The injustice of unfit clinical practice guidelines in low-resource realities

28 March, 2021

On HIFA we have long recognised the importance of country-level adaptation of WHO and other global guidelines. We have noted that many countries face challenges to adapt and apply such guidance. This Viewpoint paper affirms that the information needs of health workers in low-resource settings are not being met, and current non-realistic guidance may, paradoxically, be contributing to unintentional harm in clinical practice. 'Development and adaptation of high-quality, contextualised, realistic CPGs will assist health providers in saving lives rather than causing immobility by a desire for perfection.'

This paper is very relevant to HIFA and I invite your comments. I have invited the authors to join us.

CITATION: The injustice of unfit clinical practice guidelines in low-resource realities

Nanna Maaløe et al. Lancet Global Health

Open Access Published:March 22, 2021



To end the international crisis of preventable deaths in low-income and middle-income countries, evidence-informed and cost-efficient health care is urgently needed, and contextualised clinical practice guidelines are pivotal. However, as exposed by indirect consequences of poorly adapted COVID-19 guidelines, fundamental gaps continue to be reported between international recommendations and realistic best practice. To address this long-standing injustice of leaving health providers without useful guidance, we draw on examples from maternal health and the COVID-19 pandemic. We propose a framework for how global guideline developers can more effectively stratify recommendations for low-resource settings and account for predictable contextual barriers of implementation (eg, human resources) as well as gains and losses (eg, cost-efficiency). Such development of more realistic clinical practice guidelines at the global level will pave the way for simpler and achievable adaptation at local levels. We also urge the development and adaptation of high-quality clinical practice guidelines at national and subnational levels in low-income and middle-income countries through co-creation with end-users, and we encourage global sharing of these experiences.


“The women are in pain, some look frightened and many are calling for my attention. It is a typical night duty in the maternity ward. Eighteen women are admitted in the congested labour room, two in each bed. A young nurse and I are the only staff in the room. I see a head crowning in bed four and an oxytocin drip next to bed two running too fast. The nurse reports that one of the women with severe preeclampsia is fitting. It is a long time since any woman had assessments of foetal heart rates, and their unborn babies may have been crying out for help in silence. I am quickly casting a glance on the room's wallpaper of guidelines. They all are there, from the Ministry of Health to international aid organizations. Fading instructions and illustrations depict the what-if scenarios if only I had one woman with one illness at a time. I force my gaze back at reality and feel alone” (reconstruction of lived experiences of health professionals in Tanzanian maternity units, unpublished data).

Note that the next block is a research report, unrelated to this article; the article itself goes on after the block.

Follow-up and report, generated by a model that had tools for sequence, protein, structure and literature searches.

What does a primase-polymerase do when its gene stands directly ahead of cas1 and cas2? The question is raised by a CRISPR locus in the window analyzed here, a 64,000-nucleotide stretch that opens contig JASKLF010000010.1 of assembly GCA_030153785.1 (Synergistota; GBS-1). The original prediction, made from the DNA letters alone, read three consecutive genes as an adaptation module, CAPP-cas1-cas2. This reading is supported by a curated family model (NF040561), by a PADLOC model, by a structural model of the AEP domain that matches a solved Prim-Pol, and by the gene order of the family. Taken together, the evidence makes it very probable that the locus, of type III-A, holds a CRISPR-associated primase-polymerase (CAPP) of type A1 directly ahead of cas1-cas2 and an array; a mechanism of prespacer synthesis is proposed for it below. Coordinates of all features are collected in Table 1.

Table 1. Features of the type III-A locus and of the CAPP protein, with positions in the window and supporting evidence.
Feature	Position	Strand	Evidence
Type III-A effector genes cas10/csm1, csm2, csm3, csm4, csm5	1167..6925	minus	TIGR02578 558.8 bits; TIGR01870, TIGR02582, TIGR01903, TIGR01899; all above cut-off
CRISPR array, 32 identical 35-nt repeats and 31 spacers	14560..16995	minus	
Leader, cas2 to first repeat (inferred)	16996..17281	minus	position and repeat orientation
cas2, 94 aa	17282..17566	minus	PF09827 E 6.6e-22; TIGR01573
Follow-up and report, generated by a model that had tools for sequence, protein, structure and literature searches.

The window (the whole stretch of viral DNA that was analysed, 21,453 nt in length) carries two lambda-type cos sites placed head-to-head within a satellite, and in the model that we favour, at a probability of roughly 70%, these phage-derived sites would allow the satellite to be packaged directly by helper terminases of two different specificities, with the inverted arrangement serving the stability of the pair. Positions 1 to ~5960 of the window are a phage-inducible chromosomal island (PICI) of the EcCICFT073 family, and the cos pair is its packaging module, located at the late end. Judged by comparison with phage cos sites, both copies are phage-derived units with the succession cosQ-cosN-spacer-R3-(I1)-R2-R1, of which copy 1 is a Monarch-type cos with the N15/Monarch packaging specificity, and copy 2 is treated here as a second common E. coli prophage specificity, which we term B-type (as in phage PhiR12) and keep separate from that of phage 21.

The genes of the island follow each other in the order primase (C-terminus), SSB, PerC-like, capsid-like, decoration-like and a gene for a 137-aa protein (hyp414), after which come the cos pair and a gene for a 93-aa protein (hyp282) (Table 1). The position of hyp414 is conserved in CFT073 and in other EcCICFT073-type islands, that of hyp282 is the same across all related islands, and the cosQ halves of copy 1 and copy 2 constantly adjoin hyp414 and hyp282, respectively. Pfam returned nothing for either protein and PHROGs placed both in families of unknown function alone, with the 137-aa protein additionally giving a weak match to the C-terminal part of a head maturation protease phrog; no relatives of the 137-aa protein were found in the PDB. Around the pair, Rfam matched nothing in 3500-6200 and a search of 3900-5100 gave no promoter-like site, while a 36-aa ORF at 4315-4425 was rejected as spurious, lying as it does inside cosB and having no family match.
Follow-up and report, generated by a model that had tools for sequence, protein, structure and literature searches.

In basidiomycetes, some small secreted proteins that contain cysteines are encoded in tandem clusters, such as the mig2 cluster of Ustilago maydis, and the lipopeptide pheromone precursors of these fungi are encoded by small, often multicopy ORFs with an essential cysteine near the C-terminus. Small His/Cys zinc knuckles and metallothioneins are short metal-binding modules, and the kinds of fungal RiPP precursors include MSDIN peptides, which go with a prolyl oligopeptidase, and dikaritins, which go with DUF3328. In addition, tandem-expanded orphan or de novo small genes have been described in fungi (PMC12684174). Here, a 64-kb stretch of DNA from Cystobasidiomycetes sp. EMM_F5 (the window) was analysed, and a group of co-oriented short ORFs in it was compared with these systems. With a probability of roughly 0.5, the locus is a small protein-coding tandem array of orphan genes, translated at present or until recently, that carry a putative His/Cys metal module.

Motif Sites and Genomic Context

Fundamental gaps between international recommendations and realistic best practice continue to be reported in low-resource settings, and evaluation of the implementation and effectiveness of CPGs is largely neglected...

In this Viewpoint, we address this underexposed yet long-standing injustice of leaving health providers without useful guidance. We suggest ways forward, and we call for action, at global and local levels, to develop contextualised, realistic CPGs for health providers practising where guidance is most acutely needed.

Multilateral health agencies appear to take for granted that their CPGs will be adequately adapted to local contexts regionally, nationally, or subnationally. However, it is generally acknowledged that few LMICs are equipped with the necessary human, technical, and financial resources to carry out such adaptations, including time, access to evidence, knowledge and training on synthesising and applying evidence, and coordination of the different stakeholders. Therefore, international recommendations are typically endorsed nationally after varying degrees of suboptimal adaptation by a panel of experts, or even (inappropriately) directly adopted.

Front-line health providers are... asked to use CPGs that are dangerously incomplete, irrelevant, impractical, or outdated.

Astonishingly, augmentation of the technical bar for evidence synthesis in CPG development, which has occurred over the past two decades, has not been matched by a strengthened focus on pilot testing and postimplementation evaluation. This finding stands in contrast to CPG research in HICs...

Development and adaptation of high-quality, contextualised, realistic CPGs will assist health providers in saving lives rather than causing immobility by a desire for perfection.


Best wishes, Neil

Coordinator, HIFA Project on Evidence-Informed Policy and Practice

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HIFA profile: Neil Pakenham-Walsh is coordinator of the HIFA global health movement (Healthcare Information For All - ), a global community with more than 20,000 members in 180 countries, interacting on six global forums in four languages in collaboration with WHO. Twitter: @hifa_org FB: